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Learning More About The Placebo Effect

Date:
July 6, 2009
Source:
Journal of Psychotherapy and Psychosomatics
Summary:
In a recent trial, a sample of alcohol-dependent patients received naltrexone, acamprosate or placebo for 12 weeks. While there were no differences in outcomes between treatment groups, those who believed they had been taking active medication consumed fewer alcoholic drinks and reported less alcohol dependence and cravings. That is, irrespective of actual treatment, perceived medication allocation predicted health outcomes.
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In a recent trial, a sample of alcohol-dependent patients received naltrexone, acamprosate or placebo for 12 weeks. While there were no differences in outcomes between treatment groups, those who believed they had been taking active medication consumed fewer alcoholic drinks and reported less alcohol dependence and cravings. That is, irrespective of actual treatment, perceived medication allocation predicted health outcomes.

Double-blind placebo-controlled trials are intended to control for the impact of expectancy on outcomes. Whether they always achieve this is, however, questionable.

Reanalysis of a clinical trial of naltrexone and acamprosate for alcohol dependence investigated this issue further. In this trial, 169 alcohol-dependent patients received naltrexone, acamprosate or placebo for 12 weeks. In addition to being assessed on various indices of alcohol dependence, they were asked whether they believed they received active medication or placebo.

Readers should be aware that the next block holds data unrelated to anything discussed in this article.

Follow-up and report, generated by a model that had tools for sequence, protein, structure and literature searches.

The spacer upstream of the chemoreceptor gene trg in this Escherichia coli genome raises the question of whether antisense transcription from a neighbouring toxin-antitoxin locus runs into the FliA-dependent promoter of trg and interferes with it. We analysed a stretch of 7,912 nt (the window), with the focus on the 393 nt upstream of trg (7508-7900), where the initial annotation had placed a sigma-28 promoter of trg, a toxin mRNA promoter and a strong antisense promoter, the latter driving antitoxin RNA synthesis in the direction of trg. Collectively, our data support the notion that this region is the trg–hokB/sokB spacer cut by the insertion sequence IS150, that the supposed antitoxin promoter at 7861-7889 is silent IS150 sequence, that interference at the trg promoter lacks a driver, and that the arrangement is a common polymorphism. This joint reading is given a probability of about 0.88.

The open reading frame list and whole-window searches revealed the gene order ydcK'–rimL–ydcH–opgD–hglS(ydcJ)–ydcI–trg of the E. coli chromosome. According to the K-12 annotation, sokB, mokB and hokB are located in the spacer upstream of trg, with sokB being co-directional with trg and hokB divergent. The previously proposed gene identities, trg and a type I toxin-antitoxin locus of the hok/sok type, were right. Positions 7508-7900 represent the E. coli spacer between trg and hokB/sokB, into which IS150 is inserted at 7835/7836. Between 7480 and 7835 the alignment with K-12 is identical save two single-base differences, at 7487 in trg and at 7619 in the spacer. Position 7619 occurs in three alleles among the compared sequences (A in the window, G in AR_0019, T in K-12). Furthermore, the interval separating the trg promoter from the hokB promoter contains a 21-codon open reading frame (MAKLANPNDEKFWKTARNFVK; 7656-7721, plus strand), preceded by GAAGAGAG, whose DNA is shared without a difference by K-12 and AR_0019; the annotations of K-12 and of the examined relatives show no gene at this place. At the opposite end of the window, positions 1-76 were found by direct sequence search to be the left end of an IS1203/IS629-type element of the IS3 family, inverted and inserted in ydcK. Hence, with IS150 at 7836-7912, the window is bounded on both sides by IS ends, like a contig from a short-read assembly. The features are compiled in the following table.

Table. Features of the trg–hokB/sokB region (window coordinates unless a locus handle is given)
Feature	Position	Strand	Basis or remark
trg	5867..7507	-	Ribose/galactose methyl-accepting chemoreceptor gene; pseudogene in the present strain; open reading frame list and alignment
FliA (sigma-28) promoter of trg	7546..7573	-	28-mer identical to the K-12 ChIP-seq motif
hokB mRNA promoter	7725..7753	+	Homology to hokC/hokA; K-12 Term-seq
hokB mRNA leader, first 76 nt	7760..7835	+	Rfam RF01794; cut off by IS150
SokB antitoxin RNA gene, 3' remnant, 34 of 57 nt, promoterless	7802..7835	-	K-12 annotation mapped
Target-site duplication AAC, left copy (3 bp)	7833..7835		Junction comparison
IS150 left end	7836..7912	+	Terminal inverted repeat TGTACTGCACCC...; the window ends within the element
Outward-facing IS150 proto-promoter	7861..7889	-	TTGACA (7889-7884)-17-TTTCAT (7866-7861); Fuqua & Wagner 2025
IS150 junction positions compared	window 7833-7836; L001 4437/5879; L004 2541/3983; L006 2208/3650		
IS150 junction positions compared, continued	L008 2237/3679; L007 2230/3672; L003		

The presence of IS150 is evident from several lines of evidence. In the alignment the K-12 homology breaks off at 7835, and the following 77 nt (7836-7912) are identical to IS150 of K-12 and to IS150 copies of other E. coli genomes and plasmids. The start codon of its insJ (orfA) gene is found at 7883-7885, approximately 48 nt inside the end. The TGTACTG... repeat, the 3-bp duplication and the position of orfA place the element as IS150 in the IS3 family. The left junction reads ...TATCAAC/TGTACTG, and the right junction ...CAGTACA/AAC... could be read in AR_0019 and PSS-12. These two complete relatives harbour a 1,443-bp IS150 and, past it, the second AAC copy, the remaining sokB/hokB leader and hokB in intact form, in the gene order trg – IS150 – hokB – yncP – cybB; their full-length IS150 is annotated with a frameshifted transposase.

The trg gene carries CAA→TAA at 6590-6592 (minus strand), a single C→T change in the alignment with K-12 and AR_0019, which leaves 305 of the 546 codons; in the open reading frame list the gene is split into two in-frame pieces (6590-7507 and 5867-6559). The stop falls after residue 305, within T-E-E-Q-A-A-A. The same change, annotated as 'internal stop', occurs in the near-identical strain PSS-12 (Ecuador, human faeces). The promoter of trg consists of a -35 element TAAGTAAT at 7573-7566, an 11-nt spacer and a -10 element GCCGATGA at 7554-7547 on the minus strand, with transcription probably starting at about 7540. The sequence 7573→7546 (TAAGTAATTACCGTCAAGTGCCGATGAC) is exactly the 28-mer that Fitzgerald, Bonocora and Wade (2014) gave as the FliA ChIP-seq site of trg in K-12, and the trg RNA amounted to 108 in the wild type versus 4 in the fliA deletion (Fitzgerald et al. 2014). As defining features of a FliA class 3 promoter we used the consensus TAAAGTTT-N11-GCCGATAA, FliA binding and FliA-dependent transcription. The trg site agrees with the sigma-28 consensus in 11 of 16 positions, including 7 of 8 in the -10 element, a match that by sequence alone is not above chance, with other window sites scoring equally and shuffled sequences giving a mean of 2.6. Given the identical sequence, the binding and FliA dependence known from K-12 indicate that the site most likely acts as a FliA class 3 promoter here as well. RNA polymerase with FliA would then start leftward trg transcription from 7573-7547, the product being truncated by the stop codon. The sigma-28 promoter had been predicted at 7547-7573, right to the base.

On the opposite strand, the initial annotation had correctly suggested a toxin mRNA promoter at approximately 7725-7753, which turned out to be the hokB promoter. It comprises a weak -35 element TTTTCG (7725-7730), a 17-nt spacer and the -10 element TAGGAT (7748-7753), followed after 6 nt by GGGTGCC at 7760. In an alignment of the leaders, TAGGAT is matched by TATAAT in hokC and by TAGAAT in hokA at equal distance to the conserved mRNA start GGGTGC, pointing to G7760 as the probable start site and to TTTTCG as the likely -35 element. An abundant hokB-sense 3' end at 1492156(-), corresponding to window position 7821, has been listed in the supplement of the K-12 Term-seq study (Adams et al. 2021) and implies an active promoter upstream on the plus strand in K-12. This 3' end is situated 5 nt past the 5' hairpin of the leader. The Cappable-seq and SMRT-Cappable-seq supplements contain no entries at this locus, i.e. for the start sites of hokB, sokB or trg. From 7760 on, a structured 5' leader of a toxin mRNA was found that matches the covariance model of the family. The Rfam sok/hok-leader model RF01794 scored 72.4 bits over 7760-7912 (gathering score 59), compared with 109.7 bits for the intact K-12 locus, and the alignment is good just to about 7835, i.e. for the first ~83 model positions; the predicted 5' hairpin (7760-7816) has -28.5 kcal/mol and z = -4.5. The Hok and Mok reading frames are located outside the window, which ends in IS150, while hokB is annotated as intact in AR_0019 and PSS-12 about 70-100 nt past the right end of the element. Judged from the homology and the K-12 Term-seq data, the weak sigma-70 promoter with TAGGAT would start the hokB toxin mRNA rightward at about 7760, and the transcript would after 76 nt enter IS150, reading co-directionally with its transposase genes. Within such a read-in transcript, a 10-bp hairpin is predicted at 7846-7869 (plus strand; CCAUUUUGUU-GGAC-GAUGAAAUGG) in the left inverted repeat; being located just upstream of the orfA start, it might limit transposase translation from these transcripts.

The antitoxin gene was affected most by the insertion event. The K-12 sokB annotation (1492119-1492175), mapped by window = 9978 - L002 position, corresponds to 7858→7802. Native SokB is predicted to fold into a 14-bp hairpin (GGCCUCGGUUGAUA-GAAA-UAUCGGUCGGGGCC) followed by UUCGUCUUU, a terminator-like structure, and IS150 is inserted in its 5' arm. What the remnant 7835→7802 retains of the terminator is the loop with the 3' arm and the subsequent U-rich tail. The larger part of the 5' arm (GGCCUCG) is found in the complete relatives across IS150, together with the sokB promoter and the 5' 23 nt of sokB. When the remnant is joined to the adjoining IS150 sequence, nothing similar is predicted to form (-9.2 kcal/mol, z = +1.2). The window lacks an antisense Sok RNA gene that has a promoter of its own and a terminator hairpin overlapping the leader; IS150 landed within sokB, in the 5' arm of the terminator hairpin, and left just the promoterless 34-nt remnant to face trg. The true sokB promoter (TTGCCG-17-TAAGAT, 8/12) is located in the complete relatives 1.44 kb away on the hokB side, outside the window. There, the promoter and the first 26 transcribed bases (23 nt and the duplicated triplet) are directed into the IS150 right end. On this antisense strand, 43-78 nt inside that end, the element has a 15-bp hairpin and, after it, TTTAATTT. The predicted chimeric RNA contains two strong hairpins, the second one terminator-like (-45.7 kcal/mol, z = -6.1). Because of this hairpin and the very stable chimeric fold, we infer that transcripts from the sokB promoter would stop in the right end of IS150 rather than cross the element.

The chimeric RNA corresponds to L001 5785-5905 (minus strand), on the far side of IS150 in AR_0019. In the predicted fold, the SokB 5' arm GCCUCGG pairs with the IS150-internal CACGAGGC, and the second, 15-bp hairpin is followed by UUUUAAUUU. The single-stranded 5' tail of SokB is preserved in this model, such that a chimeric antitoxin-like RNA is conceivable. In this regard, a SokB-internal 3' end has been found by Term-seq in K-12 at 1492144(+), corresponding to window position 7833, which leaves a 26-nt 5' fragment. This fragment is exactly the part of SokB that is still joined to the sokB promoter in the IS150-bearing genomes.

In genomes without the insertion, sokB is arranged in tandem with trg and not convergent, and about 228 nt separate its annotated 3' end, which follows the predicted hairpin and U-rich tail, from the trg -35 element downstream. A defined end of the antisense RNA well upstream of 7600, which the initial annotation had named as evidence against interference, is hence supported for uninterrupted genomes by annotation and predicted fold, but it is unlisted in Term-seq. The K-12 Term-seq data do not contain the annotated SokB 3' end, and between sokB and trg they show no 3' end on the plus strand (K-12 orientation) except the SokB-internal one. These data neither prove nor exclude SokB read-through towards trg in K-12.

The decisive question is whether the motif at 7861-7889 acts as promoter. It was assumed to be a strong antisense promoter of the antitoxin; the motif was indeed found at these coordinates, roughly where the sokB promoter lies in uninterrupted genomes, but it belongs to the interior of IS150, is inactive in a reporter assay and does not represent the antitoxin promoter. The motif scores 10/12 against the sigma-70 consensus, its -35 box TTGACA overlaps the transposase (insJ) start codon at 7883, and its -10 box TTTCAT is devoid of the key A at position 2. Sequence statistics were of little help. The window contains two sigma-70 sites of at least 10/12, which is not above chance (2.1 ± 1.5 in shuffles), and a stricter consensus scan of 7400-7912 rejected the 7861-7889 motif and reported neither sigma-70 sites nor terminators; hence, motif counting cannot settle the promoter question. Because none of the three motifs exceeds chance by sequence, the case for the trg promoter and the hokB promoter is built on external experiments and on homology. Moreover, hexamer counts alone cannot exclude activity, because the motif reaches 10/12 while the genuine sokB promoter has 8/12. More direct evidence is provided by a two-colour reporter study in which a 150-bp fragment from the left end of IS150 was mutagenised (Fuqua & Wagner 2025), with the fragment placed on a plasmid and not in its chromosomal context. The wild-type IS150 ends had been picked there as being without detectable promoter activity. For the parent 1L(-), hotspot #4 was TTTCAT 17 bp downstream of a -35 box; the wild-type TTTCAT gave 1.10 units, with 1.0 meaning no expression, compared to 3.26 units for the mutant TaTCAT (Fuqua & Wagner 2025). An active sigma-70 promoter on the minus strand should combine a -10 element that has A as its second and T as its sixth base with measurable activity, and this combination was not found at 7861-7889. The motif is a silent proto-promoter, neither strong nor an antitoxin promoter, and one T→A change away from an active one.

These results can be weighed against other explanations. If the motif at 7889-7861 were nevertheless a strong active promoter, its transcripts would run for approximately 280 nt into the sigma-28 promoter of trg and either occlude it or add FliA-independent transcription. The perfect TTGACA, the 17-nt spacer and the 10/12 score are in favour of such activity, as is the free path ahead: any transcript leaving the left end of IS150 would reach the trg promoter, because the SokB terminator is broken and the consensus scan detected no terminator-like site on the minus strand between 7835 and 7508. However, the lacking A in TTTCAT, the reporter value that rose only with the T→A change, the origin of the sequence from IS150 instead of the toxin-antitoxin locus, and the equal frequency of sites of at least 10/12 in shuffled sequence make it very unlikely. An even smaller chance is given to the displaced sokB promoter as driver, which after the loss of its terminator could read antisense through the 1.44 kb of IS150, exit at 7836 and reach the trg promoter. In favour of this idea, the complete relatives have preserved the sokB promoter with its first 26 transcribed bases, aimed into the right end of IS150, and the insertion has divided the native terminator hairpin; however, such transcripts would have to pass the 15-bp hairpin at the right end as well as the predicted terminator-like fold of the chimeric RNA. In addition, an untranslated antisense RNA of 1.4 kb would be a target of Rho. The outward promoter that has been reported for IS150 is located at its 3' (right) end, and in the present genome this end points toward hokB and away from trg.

While there were no differences in outcomes between treatment groups, those who believed they had been taking active medication consumed fewer alcoholic drinks and reported less alcohol dependence and cravings. That is, irrespective of actual treatment, perceived medication allocation predicted health outcomes. These results highlight the differences between treatment administration in clinical trials and standard medical practice, a discrepancy that may sometimes decrease the validity of these types of trials.


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The above post is reprinted from materials provided by Journal of Psychotherapy and Psychosomatics. Note: Materials may be edited for content and length.


Journal Reference:

  1. Colagiuri et al. Expectancy in Double-Blind Placebo-Controlled Trials: An Example from Alcohol Dependence. Psychotherapy and Psychosomatics, 2009; 78 (3): 167 DOI: 10.1159/000206871

Cite This Page:

Journal of Psychotherapy and Psychosomatics. "Learning More About The Placebo Effect." ScienceDaily. ScienceDaily, 6 July 2009. <www.sciencedaily.com/releases/2009/06/090622064701.htm>.
Journal of Psychotherapy and Psychosomatics. (2009, July 6). Learning More About The Placebo Effect. ScienceDaily. Retrieved August 31, 2015 from www.sciencedaily.com/releases/2009/06/090622064701.htm
Journal of Psychotherapy and Psychosomatics. "Learning More About The Placebo Effect." ScienceDaily. www.sciencedaily.com/releases/2009/06/090622064701.htm (accessed August 31, 2015).

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